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Home :: Archive :: 2001 :: February ::
Re: Branagh
The Shakespeare Conference: SHK 12.0302  Thursday, 8 February 2001

[1]     From:   Douglas E. Green <
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        Date:   Wednesday, 7 Feb 2001 12:07:17 -0600
        Subj:   Re: SHK 12.0285 Re: Branagh

[2]     From:   David Wilson-Okamura <
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        Date:   Wednesday, 07 Feb 2001 14:03:33 -0600
        Subj:   Re: Branagh

[3]     From:   David Bishop <
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        Date:   Wednesday, 7 Feb 2001 16:43:37 -0500
        Subj:   Re: SHK 12.0285 Re: Branagh

[4]     From:   Richard Nathan <
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        Date:   Wednesday, 07 Feb 2001 21:52:23 +0000
        Subj:   Re: SHK 12.0285 Re: Branagh


[1]-----------------------------------------------------------------
From:           Douglas E. Green <
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Date:           Wednesday, 7 Feb 2001 12:07:17 -0600
Subject: 12.0285 Re: Branagh
Comment:        Re: SHK 12.0285 Re: Branagh

In his article on Branagh's "Henry V" in _Shakespeare on Film_, Curtis
Breight vents his spleen against the film-maker and gives some
convincing, largely political reasons for doing so.  I think he makes a
good case.  But I can't help myself: these films are so accessible that
they have proved--warts, bad politics, whatever--a great source of
discussion and interpretive debate in the classroom.  And they are a lot
less painful than a good number of the BBC productions.

And just for the record, if you're heartsick over the demise of the
Hollywood musical (I think there may be 5 or 6 of us dinosaurs), LLL
won't cure you, but it won't hurt any worse than Allen's _Everybody Says
I Love You_.  Branagh's strength is also his greatest failing: he is a
popularizer.  In the case of LLL, he mistakenly aimed at Busby
Berkeley's moribund audience instead of his own--which was fine with me.

Doug Green
Augsburg College

[2]-------------------------------------------------------------
From:           David Wilson-Okamura <
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Date:           Wednesday, 07 Feb 2001 14:03:33 -0600
Subject:        Re: Branagh

Paul E. Doniger wrote:

>                          Of course, Branagh has also made some
>seriously flawed choices: Keanu Reeves as Don John!? Charlton Heston as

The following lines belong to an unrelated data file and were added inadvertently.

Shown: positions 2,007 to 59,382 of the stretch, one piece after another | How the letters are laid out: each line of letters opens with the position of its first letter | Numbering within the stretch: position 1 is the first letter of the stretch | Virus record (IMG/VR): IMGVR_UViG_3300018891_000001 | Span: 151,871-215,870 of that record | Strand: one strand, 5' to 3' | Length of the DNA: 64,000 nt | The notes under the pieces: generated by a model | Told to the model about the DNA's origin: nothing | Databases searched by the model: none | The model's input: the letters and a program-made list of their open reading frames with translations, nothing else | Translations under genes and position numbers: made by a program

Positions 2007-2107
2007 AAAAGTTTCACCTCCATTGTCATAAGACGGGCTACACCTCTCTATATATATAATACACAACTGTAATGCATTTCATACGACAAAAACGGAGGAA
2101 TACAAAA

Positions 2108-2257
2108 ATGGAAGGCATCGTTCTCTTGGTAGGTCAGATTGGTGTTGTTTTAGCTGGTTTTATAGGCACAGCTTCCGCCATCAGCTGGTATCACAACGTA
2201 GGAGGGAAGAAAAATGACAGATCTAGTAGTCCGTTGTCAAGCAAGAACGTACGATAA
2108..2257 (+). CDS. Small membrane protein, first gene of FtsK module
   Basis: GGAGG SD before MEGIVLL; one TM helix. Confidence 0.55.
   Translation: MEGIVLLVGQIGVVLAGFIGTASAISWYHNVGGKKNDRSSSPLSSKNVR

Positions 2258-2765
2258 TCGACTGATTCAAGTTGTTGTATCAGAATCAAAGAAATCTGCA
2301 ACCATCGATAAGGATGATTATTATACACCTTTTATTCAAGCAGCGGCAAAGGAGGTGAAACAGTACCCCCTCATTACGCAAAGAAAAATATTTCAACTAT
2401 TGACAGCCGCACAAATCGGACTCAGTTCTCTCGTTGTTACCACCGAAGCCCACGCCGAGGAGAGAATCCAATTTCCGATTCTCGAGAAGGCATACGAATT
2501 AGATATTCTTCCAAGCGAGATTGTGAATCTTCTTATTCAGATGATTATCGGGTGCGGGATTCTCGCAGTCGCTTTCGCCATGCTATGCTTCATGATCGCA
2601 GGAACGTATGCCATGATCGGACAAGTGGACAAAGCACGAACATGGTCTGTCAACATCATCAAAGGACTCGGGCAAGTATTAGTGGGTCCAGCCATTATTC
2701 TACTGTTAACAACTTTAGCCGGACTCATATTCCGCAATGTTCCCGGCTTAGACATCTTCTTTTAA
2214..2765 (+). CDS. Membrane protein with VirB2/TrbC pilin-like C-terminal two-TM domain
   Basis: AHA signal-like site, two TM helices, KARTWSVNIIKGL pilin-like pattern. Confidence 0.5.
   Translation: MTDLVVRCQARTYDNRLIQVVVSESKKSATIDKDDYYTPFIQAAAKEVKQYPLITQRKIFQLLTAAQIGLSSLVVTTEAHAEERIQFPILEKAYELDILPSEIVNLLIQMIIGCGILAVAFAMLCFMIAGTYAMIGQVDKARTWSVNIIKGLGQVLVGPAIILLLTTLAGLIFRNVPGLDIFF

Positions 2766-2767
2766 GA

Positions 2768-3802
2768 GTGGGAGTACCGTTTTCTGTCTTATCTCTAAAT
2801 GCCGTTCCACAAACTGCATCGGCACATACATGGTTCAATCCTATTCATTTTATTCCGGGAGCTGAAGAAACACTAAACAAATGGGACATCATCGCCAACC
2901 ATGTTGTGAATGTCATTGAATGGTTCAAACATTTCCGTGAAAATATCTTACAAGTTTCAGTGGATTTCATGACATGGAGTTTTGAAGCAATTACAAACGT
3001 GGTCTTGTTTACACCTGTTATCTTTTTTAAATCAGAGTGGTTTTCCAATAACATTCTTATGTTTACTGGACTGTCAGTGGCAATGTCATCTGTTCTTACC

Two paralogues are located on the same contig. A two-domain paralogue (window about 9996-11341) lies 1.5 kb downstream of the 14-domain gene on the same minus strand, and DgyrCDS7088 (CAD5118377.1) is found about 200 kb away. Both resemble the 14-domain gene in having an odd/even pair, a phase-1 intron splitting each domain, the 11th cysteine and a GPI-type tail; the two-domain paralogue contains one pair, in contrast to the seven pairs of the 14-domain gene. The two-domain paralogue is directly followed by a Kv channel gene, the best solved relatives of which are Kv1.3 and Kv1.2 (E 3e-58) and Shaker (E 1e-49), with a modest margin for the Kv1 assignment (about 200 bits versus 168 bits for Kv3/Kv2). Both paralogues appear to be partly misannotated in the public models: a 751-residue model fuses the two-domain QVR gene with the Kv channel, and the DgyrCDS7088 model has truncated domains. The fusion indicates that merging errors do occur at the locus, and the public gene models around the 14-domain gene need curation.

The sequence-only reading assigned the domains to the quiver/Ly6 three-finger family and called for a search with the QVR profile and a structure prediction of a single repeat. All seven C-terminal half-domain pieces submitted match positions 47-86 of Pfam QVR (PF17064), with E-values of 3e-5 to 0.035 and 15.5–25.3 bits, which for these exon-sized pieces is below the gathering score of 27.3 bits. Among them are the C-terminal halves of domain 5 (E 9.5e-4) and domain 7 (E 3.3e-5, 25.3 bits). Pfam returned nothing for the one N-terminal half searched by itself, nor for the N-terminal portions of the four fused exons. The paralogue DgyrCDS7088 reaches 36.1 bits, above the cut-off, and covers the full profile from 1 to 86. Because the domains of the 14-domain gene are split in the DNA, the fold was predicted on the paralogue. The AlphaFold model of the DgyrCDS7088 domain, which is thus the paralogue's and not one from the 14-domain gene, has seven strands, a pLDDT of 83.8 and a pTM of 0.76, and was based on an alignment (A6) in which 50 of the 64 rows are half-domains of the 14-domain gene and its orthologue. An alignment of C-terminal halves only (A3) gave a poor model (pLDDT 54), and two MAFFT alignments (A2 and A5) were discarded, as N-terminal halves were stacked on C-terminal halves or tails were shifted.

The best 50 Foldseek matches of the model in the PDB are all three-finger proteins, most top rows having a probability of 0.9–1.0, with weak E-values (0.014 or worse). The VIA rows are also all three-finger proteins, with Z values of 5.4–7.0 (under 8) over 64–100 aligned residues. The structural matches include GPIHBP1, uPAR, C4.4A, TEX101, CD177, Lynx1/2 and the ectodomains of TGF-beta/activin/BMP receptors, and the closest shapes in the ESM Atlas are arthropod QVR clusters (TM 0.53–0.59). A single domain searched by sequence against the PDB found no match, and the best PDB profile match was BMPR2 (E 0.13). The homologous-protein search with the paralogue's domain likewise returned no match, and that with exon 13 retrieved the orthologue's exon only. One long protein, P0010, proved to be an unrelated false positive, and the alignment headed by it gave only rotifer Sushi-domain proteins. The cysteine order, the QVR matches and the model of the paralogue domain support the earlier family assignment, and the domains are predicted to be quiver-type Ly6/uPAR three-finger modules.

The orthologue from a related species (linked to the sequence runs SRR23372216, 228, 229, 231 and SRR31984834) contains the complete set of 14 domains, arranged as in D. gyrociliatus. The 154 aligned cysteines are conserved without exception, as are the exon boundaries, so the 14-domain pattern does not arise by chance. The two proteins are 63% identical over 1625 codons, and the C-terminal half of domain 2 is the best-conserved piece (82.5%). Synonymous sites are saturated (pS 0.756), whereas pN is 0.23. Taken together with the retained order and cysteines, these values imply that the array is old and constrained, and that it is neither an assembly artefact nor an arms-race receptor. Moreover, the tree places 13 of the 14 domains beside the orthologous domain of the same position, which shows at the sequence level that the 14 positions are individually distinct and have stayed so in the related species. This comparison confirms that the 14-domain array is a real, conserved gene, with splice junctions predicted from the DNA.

>the Player!?

I'll give you Keanu Reeves, but I thought Heston's Player was quite
moving.  Like most people of my generation (I was born in 1970), I saw
Moses in The Ten Commandments on TV and that was about it. I knew that
Charlton Heston was a famous actor, but I didn't know why. Watching his
rendition of "The rugged Pyrrhus" speech I began to understand why. Of
course, then he blew it all by shilling for the NRA, but that's a
different story...

[3]-------------------------------------------------------------
From:           David Bishop <
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Date:           Wednesday, 7 Feb 2001 16:43:37 -0500
Subject: 12.0285 Re: Branagh
Comment:        Re: SHK 12.0285 Re: Branagh

Though I find much to like in Branagh's Hamlet, especially Derek Jacobi
and Kate Winslett, I enjoy Charles Weinstein's attacks too, however
"unsupported". I would like more argument, since I'm interested in how
CW thinks, but there's not always time, and having even one's favorite
performances criticized can help clear away a few cobwebs.

David

[4]-------------------------------------------------------------
From:           Richard Nathan <
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Date:           Wednesday, 07 Feb 2001 21:52:23 +0000
Subject: 12.0285 Re: Branagh
Comment:        Re: SHK 12.0285 Re: Branagh

Those who dislike Branagh's film productions of Shakespeare are
fortunate that the missed the stage productions of "Midsummer Night's
Dream" and "King Lear" that he took on tour a year or so after the did
the film version of "HENRY V."  Those stage shows were far worse than
any of his films.  As I recall, Emma Thompson played Helena is
"Midsummer Night's Dream" and the Fool in "King Lear," and she was the
ONLY good thing in either production.

I can't remember who played Lear in the tragedy, but he was completely
lacking in strength and majesty.  He was simply a pathetic little man
throughout the play.  The most memorable thing about the show was a rain
effect during the storm scene, which had a shower of rain NOT over the
entire stage, but just around the edge of the stage.

The thing I remember most from "Midsummer Night's Dream" was how Branagh
ruined the "Pyramus And Thisbe" routine.  Instead of playing it as
Shakespeare wrote it, he turned it into a big musical number.  It
destroyed the humor in the piece, but all the morons in the audience
where I saw it (in Los Angeles) loved it.
 

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